Divorce, often known as dissolution of marriage, is the dissolution of a marriage before either spouse dies. It can also be seen as the dissolution of a marriage by an official court order. In present times, divorces have become very common not just in Nigeria but in countries all over the world.
Divorce is an emotionally exhausting and traumatic experience. However, in the vast majority of cases, the procedure of actually filing for divorce is pretty simple. Although the particular laws differ by state, you usually begin the process by submitting a petition to the court with the help of your lawyer. In most cases, you might not need to go to court if you and are partner agree amicably.
However, if you and your spouse are having trouble communicating or agreeing on topics like child custody and support or how to divide your property, then you need to go to court. How to divorce in Nigeria is not very different from other countries. The court will grant your divorce request if it meets Nigeria’s divorce grounds.
Nigeria Divorce Grounds
According to the Matrimonial Causes Act (MCA), there can only be one reason for a court to dissolve a marriage, and that reason is that the marriage has irreversibly broken down. Nonetheless, according to Section 15 (2) (a) (h) of the Act, there are eight different types of breakdowns or classes of breakdowns. Below is the extract;
1. That the respondent has persistently and willfully refused to consummate the marriage;
2. That since the marriage the Respondent has committed adultery and the petitioner finds it intolerable to live with the respondent
3. That since the marriage the respondent has behaved in such a manner that the petitioner can’t reasonably be expected to live with the respondent;
4. That the respondent has deserted the petitioner for a constant period of at least one year immediately preceding the presentation of the petition;
5. That the parties to the marriage have lived apart for a constant period of a minimum of 2 years immediately preceding the presentation of the respondent as well as the petition doesn’t object to a decree being granted;
6. That the parties to the marriage have lived apart for a constant period of a minimum of 3 years immediately preceding the presentation of the petition;
7. That the other party to the marriage has, for a period of not less than one year failed to comply with a decree or perhaps restitution of conjugal rights made under that Act;
8. That the other party to the marriage has been absent from the petitioner for time that is such and in circumstances that are such as to provide good grounds for presuming that he or perhaps she’s dead.
Apparently, the reasons for grounds for divorce are broad enough to include the majority of the difficulties that couples commonly bring up in divorce proceedings. However, establishing any of them in court may be extremely difficult. A party considering divorce should speak with a lawyer to explore the exact reasons for the divorce and to learn more about the many types of marriage breakdowns and how they apply to specific situations.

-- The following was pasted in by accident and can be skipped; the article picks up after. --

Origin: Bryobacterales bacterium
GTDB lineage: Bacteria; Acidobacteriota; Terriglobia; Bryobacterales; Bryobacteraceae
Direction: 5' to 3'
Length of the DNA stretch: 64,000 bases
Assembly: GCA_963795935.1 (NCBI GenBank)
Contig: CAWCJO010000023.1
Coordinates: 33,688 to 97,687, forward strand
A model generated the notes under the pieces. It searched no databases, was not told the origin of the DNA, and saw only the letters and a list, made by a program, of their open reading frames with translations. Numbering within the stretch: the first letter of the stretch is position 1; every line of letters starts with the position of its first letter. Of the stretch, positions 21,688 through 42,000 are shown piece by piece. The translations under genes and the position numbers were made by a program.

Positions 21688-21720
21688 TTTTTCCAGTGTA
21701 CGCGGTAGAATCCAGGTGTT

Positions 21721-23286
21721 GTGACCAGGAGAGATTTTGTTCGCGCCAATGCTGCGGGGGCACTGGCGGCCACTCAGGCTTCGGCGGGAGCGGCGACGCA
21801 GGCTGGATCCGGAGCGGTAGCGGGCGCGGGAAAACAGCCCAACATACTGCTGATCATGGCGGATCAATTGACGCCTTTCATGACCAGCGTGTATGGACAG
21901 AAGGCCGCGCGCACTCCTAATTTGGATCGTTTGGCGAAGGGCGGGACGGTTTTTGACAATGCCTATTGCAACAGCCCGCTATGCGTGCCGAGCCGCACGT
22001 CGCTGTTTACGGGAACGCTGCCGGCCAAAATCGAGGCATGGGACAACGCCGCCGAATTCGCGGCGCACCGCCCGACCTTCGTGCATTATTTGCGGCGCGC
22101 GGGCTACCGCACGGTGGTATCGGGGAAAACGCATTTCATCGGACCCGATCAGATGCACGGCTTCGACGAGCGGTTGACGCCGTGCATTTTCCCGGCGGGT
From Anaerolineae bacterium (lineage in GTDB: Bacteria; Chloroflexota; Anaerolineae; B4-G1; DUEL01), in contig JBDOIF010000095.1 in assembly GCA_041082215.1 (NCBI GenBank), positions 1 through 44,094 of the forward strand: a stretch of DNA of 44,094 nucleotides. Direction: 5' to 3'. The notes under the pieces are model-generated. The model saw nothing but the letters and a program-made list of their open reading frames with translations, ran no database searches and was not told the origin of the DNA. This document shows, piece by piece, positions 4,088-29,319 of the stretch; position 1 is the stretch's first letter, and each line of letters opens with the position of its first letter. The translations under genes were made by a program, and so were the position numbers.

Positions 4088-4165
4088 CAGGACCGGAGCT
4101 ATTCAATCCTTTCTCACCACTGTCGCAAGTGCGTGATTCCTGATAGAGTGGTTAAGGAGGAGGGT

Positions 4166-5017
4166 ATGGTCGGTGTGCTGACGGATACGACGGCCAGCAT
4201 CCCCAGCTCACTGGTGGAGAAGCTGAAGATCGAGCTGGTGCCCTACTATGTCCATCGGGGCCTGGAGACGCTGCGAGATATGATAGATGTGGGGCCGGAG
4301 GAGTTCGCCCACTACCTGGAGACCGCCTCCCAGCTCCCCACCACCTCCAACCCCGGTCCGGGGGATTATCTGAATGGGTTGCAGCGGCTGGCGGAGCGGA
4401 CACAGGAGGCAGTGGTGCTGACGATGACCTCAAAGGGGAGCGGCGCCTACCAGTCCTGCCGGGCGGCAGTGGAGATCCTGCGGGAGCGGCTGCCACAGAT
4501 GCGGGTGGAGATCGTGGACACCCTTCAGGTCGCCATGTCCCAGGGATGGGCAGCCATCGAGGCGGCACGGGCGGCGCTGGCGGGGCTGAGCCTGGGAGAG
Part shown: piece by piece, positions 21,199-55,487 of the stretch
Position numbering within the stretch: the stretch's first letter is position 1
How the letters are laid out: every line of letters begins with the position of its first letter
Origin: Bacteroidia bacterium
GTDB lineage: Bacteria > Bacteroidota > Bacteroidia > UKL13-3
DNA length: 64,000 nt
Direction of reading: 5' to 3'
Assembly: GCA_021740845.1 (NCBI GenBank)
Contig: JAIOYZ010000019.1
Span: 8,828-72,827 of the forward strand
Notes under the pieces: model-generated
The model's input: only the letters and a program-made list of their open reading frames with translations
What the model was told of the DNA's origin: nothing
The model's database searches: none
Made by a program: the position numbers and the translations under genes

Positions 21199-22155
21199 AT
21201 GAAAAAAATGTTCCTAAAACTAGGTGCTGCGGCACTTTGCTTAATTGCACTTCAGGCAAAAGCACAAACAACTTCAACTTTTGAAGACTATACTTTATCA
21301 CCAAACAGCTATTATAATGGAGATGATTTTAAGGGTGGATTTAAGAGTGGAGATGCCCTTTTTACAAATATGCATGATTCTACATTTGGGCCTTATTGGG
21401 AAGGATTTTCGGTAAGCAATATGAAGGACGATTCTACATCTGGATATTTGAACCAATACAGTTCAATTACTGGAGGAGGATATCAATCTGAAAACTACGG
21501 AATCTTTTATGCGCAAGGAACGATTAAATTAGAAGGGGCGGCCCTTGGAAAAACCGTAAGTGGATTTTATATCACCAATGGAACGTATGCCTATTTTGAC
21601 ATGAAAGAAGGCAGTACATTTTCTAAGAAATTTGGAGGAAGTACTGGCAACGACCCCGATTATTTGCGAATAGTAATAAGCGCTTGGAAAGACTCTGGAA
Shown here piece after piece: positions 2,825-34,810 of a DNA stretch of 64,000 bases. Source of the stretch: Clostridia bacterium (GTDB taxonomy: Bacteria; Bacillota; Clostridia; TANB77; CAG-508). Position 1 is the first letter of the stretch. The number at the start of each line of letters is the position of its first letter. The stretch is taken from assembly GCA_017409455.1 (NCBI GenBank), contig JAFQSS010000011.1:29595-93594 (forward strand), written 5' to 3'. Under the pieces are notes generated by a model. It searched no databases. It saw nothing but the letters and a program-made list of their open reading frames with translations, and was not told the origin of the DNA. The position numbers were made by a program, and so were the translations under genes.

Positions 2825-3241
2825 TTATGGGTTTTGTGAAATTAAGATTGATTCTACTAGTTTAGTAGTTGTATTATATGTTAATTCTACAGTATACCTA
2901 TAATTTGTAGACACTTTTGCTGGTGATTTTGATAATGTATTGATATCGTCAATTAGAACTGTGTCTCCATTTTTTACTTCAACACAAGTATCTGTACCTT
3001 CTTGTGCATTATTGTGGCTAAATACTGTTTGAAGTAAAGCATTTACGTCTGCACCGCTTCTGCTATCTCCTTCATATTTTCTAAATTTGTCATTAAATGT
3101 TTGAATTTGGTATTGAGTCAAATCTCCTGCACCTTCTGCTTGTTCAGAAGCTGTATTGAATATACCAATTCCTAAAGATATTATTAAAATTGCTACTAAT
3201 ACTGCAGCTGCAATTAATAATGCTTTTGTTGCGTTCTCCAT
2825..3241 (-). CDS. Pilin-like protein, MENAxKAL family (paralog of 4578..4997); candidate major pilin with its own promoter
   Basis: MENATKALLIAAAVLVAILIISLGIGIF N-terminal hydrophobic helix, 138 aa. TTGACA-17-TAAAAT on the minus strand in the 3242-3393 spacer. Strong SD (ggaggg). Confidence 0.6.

Nigeria Divorce Process
Below are the processes involved in divorcing in Nigeria;
When your lawyer files a petition for divorce in the High Court, the divorce process formally begins. This collection of paperwork essentially explains your case: who you’re married to, where you got married, how long you’ve been married, why you want a divorce, what you want from the divorce, and any supporting proof. This is where the lawyer starts to make money. They will create and file the relevant court documents, as well as ensuring that your petition is presented logically and professionally. If you filed the petition, you are known as the petitioner, and your spouse is known as the respondent.
After the document is submitted to the court, it will be assigned a file number, and the contents of your petition will be provided to your spouse and his or her lawyer. Your spouse will have a specific number of days to respond to your petition; this varies depending on which state in Nigeria your petition is filed in. If your spouse also desires a divorce, the content of your response will vary.
After your husband responds to your petition, the court hears appeals in open court. If any witnesses are needed to confirm any evidence, they will be asked to testify in court.
If the judge agrees that a divorce should be granted, he or she will issue a ‘decree nisi,’ which means the marriage will be dissolved. The decree nisi, on the other hand, does not imply that it has been dissolved; you must wait another three months for the decree nisi to become a “decree absolute.”
Fifth and Last Step
The court has the authority to award custody of any children to either spouse, as well as make orders for the payment of maintenance (for both the spouse and the children) and the settlement of any marital property.
Finally, having a divorce is the saddest thing that can happen to any meaningful and loving marriage, thus we must do everything we can to stop this unfortunate event from happening to us. Divorce is frequently the result of two people who were previously incredibly close, if not soul mates, becoming estranged. Due to the necessity to maintain family values and the children of the marriage, Nigerian laws are more hesitant to divorce. As a result, no significant efforts have been made over the years to reform Nigerian divorce rules to make the procedure more convenient.